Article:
There seems to be an irrational fear among fecophobes that if you don’t die instantly from humanure compost, you’ll die a slow, miserable, and wretched death, or you’ll surely cause an epidemic of something like the plague and everyone within 200 miles of you will die, or you’ll become so infested with parasitic worms that you’ll no longer be recognized as human (your head will look like spaghetti).
These fears exist perhaps because much of the information in print concerning
the recycling of humanure is confusing, erroneous, or incomplete. For example,
when researching the literature during the preparation of this book, I found it
surprising that almost no mention is ever made of the thermophilic composting of
humanure as a viable alternative to other forms of on-site sanitation. When
“bucket” systems are mentioned, they are also called “cartage” systems, and are
universally decried as being the least desirable sanitation alternative. For
example, in A Guide to the Development of On-Site Sanitation by Franceys
et al., published by the World Health Organization in 1992, “bucket latrines”
are described as “malodorous, creating a fly nuisance, a danger to the health
of those who collect or use the nightsoil, and the collection is environmentally
and physically undesirable.” This sentiment is echoed in Rybczynski’s (et
al.) World Bank funded work on low-cost sanitation options, where it is stated
that “the limitations of the bucket latrine include the frequent collection
visits required to empty the small container of [humanure], as well as the
difficulty of restricting the passage of flies and odors from the bucket.”
I’ve personally used a sawdust toilet for 20 years and it has never caused odor problems, fly problems, health problems, or environmental problems. Quite the contrary, it has actually enhanced my health, the health of my family, and the health of my environment by producing healthy, organic food in my garden, and by keeping human waste out of the water table. Nevertheless, Franceys et al. go on to say that “[humanure] collection should never be considered as an option for sanitation improvement programmes, and all existing bucket latrines should be replaced as soon as possible.” Say what?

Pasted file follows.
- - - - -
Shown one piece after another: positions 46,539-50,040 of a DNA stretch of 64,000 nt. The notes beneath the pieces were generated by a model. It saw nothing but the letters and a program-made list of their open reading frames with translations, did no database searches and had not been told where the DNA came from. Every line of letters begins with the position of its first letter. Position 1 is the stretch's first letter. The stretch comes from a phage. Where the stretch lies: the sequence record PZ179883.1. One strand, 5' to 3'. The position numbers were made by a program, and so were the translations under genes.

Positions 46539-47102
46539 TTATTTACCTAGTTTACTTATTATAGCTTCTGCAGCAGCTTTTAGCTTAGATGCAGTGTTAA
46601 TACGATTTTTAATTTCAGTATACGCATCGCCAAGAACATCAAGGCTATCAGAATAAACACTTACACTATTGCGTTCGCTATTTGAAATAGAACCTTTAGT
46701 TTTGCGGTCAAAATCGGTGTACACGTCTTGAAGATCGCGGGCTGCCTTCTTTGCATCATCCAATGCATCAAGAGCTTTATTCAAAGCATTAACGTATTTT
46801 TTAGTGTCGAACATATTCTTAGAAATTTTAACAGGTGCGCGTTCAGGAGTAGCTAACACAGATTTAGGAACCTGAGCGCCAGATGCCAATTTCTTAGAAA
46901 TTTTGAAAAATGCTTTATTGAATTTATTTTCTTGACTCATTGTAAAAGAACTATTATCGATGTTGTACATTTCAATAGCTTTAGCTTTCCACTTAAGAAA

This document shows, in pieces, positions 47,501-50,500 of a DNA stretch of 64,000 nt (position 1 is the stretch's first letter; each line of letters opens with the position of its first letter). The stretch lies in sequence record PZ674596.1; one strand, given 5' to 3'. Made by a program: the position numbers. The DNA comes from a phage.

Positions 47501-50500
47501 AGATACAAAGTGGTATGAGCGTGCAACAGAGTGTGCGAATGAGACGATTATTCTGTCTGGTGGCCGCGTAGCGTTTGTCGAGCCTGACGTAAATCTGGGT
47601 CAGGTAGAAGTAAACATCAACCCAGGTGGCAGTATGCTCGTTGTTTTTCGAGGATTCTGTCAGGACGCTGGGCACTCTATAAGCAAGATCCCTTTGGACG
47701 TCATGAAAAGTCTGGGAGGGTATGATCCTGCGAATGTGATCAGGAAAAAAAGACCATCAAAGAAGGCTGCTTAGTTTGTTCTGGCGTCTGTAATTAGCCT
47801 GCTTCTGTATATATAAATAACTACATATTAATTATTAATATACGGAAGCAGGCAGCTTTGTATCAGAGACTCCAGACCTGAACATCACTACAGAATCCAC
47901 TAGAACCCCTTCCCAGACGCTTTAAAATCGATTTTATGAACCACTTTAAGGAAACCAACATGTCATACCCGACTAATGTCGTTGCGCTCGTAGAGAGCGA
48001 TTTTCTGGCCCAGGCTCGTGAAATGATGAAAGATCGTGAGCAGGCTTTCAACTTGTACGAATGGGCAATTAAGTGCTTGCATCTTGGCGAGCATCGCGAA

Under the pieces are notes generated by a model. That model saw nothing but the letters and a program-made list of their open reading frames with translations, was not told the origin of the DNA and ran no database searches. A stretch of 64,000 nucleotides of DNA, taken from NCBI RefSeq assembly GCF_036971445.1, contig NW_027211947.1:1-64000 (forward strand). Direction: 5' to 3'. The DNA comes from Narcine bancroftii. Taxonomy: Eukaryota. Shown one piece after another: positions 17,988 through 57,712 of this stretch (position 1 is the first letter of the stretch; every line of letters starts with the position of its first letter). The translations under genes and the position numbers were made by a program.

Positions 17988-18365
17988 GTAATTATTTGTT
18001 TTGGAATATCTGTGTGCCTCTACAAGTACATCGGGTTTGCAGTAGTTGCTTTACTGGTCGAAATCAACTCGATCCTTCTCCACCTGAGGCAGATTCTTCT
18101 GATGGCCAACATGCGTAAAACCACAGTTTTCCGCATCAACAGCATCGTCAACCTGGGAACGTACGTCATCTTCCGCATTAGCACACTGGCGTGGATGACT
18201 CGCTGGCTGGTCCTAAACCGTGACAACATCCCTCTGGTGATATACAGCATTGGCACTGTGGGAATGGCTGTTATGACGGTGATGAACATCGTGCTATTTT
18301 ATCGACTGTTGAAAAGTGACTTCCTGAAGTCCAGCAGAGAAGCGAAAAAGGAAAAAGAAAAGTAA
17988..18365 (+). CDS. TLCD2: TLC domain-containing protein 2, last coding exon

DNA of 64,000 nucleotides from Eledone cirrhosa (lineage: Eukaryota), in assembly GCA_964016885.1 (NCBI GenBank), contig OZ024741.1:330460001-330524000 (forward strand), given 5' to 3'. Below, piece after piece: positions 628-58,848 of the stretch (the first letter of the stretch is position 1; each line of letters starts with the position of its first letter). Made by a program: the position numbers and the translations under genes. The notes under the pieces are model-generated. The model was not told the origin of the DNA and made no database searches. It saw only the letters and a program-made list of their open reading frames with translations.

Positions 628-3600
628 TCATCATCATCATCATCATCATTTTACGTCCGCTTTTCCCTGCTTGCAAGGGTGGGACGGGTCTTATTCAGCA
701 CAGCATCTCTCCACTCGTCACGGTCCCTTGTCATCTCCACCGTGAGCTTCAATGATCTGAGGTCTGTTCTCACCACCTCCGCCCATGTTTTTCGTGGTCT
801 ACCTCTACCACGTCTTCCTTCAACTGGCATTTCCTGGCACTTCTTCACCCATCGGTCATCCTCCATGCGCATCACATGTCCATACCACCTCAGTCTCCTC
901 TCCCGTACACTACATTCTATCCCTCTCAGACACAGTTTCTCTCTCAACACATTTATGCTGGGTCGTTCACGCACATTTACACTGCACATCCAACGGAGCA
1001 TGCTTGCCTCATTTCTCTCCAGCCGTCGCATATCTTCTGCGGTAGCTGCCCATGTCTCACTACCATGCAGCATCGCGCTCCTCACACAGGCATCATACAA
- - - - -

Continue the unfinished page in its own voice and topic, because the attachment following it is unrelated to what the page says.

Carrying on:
Obviously Franceys et al. are referring to the practice of collecting humanure in buckets without a cover material (which would surely stink to high heaven and attract flies) and without any intention of composting the humanure. Such buckets of feces and urine are presumably dumped raw into the environment. Naturally, such a practice should be decried and strongly discouraged, if not outlawed. However, rather than forcing people who use such crude waste disposal methods to switch to other more prohibitively costly waste disposal methods, perhaps it would be better to educate those people about resource recovery, about the human nutrient cycle, and about thermophilic composting. It would be more constructive to help them acquire adequate and appropriate cover materials for their toilets, assist them in constructing compost bins, and thereby eliminate waste, pollution, odor, flies, and health hazards altogether. I find it inconceivable that intelligent, educated scientists who observe bucket latrines and the odors and flies associated with them do not see that the simple addition of a clean organic cover material to the system would solve the aforementioned problems, and balance the nitrogen of the humanure with carbon.